As I cranked up the heater for the first time this year, it served as a warm reminder to ensure all was in place for my voice to survive sub-zero temps.
Roll up your sleeve
As they say, prevention is better than cure. While the annual flu shot does not guarantee a lurgy-free winter, I found I suffer less sniffles and sore throats and if I am struck down, recovery seems to be a bit speeder. Add the first year of childcare to the mix and I’m not taking any chances with a toxic toddler around!
Become a germ-a-phobe
Already there (see previous note re: toxic toddler—how much snot do those things produce?!) I have been known to purchase disinfecting wipes in bulk and request the use of hand sanitiser by those around me. I have received some strange looks when wiping down shared work surfaces, but it really is the best way to keep others’ germs at bay—especially those martyrs who feel the need to come to work whilst barking up a lung. Disinfect phones, keyboards, the mouse, desks, pop filters (side note: never sniff one)—any shared surface that could possibly have been sneezed at! Do the same at home, especially if a family member has the sniffles.
The good old h20 isn’t just for the summer time. The air tends to be naturally drier in the cooler months plus the drying effects of the heater make it especially important to get those eight glasses in and keep the vocal chords lubricated. Like most people, I struggle with meeting the quota so I usually add a few mugs of hot water to the mix. It keeps me warm on those cooler days and also helps with digestion *bonus alert* beating off stomach groans and gurgles during the mid-afternoon voicing session.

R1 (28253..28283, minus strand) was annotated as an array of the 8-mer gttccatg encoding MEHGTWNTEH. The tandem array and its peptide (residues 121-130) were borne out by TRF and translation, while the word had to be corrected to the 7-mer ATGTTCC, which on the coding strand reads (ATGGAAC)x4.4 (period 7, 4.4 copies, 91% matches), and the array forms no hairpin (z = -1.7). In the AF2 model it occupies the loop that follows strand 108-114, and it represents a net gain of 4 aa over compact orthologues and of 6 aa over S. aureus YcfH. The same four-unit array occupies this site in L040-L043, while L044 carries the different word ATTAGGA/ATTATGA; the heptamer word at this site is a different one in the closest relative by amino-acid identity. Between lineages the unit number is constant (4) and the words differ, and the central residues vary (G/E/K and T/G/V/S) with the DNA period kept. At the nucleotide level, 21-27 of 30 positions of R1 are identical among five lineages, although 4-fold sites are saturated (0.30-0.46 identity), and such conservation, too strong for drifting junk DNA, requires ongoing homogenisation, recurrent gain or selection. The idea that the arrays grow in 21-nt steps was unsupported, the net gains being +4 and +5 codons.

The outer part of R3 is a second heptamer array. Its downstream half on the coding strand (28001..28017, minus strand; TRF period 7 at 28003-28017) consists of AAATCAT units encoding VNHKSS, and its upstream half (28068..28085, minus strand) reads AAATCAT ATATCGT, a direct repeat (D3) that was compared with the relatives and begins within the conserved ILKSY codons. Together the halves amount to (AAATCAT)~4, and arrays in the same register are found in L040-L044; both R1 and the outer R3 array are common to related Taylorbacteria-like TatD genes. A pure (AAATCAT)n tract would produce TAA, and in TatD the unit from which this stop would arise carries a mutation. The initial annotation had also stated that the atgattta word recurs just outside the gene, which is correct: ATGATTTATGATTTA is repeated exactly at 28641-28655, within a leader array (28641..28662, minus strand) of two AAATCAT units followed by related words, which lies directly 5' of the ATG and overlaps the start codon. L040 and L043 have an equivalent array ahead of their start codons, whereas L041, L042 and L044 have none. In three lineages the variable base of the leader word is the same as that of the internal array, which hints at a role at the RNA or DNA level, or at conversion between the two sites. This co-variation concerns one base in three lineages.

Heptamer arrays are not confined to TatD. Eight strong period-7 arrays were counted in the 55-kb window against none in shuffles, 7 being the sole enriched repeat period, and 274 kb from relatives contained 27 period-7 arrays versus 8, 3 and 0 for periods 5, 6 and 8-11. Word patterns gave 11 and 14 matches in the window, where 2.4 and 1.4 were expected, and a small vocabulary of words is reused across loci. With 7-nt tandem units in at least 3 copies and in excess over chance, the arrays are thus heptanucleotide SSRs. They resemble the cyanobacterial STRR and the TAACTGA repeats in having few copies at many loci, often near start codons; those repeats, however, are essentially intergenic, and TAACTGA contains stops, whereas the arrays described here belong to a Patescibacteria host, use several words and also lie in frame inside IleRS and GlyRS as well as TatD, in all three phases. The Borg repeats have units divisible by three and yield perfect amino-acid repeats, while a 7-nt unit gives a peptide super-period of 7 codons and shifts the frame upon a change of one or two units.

Don’t tolerate lactose
While I try to avoid dairy in the hours before voicing anyway, it is even more crucial if you are feeling congested as dairy thickens the saliva. Hello extra mouth noise!
An apple a day…
Goodbye mouth noise. I swear by green apples for minimising the smacks and clicks, which tend to be more apparent once the temperature drops or congestion sets in. Have a few pieces of apple before jumping in front of the mic. Bottled apple juice can also do the trick and is a little easier to take into the studio.
[insert your fav] herbal tea. Most of us have our go-tos from commercial mixes such as ‘throat coat’ and ‘golden voice herb tea’ through to the peppermints and chamomiles. Then there are the home remedies such as hot water with honey and dash of chilli. I am a big fan of ginger tea—the authentic stuff that comes in granules from the Asian grocery stores. It is great for a sore throat and clearing the head.
No shame in a sickie
Finally, know when to take a break. If the dreaded lurgy does set in and is impacting your voice, rest up—your body and clients will thank you. Voice actor Marc Scott has a great article on voice over and the common cold.